Rhetorical Functions in Academic Writing
Typical rhetorical functions used in academic writing
- Describing objects, location, structure and direction
- Reporting and narrating
- Writing instructions
- Describing function
- Describing processes, developments and operations
- Classifying / categorising
- Giving examples
- Including tables and charts
- Writing critically
- Arguing and discussing
- Evaluating other points of view
- Comparing and contrasting: similarities and differences
- Expressing degrees of certainty
- Expressing reasons and explanations / cause and effect
- Expressing feelings
- Planning action
- Providing support
- Working with different voices and finding your own
- Taking a stance
- Using theory
- Using previous research
- Indicating a gap
- Presenting findings from statistical analyses
- Presenting findings from interviews
- Discussing limitations
- Drawing conclusions
Analyze My Writing
One of challenging (and time-consuming) tasks writing teachers face in their teaching is assessing learners’ written works. It takes a lot of energy to read and analyze students’ writing.
This online text context and readability analyzer will help teachers assess learners’ written works. Some useful features are available on the website, such as basic text statistics, common words and phrases, readability, lexical density (I like this one most!), word and sentence lengths, and other analyses.
Visit the website: http://www.analyzemywriting.com/index.html
How to read a scientific article quickly and efficiently
Most people read scientific articles by following the structure of the articles, starting from the first section until the last one. This is the most common method, but I found it inefficient.
Here is my method.
Skim the abstract quickly
Go to the conclusions/summary section and identify the author’s main conclusions/arguments
Flip through the article to look at the research data supporting the conclusions; identify the most prominent data.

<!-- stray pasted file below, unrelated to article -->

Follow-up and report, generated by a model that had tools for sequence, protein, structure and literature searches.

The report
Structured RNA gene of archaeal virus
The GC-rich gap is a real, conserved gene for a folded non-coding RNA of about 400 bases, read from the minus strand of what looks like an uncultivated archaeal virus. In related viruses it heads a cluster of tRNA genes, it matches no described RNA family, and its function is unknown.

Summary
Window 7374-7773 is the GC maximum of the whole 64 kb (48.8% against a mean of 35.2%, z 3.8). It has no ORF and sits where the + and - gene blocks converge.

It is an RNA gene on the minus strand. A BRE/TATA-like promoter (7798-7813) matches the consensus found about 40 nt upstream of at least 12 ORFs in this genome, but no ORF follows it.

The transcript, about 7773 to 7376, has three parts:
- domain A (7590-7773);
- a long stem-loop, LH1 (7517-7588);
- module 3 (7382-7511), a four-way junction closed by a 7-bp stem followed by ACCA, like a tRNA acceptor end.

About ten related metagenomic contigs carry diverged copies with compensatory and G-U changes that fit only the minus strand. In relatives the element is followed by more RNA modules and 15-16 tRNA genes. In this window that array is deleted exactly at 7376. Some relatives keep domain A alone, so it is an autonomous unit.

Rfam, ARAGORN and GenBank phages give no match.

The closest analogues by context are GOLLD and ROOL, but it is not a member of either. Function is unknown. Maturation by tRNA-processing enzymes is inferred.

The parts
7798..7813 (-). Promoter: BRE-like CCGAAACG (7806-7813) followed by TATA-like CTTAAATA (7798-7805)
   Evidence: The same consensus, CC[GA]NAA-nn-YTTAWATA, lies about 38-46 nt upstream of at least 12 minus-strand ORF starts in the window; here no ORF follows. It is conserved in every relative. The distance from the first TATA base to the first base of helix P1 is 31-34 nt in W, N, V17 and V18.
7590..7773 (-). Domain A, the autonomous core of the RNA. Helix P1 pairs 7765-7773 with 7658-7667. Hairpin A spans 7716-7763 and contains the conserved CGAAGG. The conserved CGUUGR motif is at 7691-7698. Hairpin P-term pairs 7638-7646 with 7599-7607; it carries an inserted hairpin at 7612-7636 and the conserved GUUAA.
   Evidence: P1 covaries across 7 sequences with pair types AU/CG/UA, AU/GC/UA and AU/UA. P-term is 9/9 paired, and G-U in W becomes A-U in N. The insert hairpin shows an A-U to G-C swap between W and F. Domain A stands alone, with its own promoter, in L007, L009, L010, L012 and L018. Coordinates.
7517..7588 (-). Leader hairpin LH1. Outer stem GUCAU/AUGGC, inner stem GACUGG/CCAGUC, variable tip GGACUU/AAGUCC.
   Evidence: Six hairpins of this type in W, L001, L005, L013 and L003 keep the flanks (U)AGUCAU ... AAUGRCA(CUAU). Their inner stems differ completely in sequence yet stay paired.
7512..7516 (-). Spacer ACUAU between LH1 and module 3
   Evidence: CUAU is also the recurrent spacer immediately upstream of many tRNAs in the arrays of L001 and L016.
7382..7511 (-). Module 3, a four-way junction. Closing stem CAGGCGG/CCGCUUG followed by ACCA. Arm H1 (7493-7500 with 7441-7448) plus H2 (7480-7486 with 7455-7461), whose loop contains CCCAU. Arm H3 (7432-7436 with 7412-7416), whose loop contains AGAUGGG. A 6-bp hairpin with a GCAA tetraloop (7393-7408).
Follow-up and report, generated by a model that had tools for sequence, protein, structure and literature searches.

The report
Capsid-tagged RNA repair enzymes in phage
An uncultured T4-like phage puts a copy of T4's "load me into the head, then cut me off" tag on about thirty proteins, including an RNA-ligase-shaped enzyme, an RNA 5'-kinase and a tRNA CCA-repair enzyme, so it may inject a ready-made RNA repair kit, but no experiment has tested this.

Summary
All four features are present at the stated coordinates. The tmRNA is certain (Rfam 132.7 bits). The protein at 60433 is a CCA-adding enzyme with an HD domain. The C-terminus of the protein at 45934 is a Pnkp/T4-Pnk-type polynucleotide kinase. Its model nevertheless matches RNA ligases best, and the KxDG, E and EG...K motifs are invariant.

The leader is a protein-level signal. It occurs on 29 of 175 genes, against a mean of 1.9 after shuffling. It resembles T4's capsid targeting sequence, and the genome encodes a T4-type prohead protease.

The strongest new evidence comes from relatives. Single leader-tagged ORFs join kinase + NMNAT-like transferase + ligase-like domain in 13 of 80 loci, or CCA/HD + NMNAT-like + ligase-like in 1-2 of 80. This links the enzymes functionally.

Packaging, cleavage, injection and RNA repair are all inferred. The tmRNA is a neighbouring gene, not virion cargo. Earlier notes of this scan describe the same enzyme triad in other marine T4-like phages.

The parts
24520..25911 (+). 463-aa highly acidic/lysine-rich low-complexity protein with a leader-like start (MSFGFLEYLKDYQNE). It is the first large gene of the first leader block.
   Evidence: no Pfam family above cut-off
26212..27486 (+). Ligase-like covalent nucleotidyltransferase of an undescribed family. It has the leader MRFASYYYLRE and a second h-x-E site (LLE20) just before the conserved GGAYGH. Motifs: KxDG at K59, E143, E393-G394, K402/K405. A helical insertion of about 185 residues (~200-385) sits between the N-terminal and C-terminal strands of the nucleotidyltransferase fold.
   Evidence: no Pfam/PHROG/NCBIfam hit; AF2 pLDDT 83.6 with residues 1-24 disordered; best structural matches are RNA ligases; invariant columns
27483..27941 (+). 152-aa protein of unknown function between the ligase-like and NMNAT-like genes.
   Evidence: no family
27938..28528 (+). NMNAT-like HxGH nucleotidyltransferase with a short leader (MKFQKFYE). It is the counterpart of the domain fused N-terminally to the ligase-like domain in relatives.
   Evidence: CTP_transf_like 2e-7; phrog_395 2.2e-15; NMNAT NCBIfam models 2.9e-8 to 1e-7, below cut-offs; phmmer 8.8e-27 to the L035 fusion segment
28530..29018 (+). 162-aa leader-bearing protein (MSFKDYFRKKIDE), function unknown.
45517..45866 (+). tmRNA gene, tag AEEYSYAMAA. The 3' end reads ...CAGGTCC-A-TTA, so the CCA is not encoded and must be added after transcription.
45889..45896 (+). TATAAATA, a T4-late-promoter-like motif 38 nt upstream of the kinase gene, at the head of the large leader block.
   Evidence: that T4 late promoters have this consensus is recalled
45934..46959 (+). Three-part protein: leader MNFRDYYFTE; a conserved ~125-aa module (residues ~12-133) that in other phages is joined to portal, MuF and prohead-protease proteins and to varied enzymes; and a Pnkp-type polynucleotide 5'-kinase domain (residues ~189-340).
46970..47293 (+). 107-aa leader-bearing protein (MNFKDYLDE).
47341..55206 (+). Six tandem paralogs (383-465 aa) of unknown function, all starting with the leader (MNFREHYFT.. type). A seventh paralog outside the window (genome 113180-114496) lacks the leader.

Now, you can start reading the introduction.
Berbicara dan Menulis
Saya sudah banyak berlatih berbicara dan menulis, tapi hasilnya belum baik. Kenapa?
Karena ucapan dan tulisan adalah produk olah pikir, maka yang harus ditingkatkan atau diperbaiki adalah pola pikir (kemampuan berpikir sistematis), bukan sekedar berlatih berbicara atau menulis.
Pembicara dan penulis yang baik mampu berpikir secara sistematis dan menata ide dengan baik sehingga ucapan dan tulisannya bisa dipahami audiensi*.
Kita bisa membayangkan ide/gagasan seperti mainan Lego. Berwarna-warni, sangat menarik, tapi tidak terlihat bentuknya jika tidak disusun. Jika ide/gagasan disusun dengan baik, akan sangat mudah bagi audiensi untuk menerima bentuk argumen yang kita sajikan.
Darimana kita belajar menyusun ide yang baik, sehingga ide/gagasan kita menjadi bentuk-bentuk yang menarik?
Banyak mendengar, banyak membaca (materi yang baik). Dua hal itu akan memberikan ‘template’ kognitif sehingga ucapan dan tulisan kita menjadi semakin baik.
* kata yang tepat adalah ‘audiensi’ bukan ‘audiens’.
Writing the Methodology
Read this first – Writing the Introduction
How should you write the section? What are important points you should include in the section Ok. Let’s use the Q&A method. Here are key questions you need to answer for completing the methodology part of your scientific article.
𝗙𝗶𝗿𝘀𝘁, 𝗿𝗲𝘀𝘁𝗮𝘁𝗲 𝘁𝗵𝗲 𝗿𝗲𝘀𝗲𝗮𝗿𝗰𝗵 𝗼𝗯𝗷𝗲𝗰𝘁𝗶𝘃𝗲 [𝗶𝗳 𝗿𝗲𝗾𝘂𝗶𝗿𝗲𝗱] ⬇️
What is the research method? [qualitative/quantitative/mixed methods]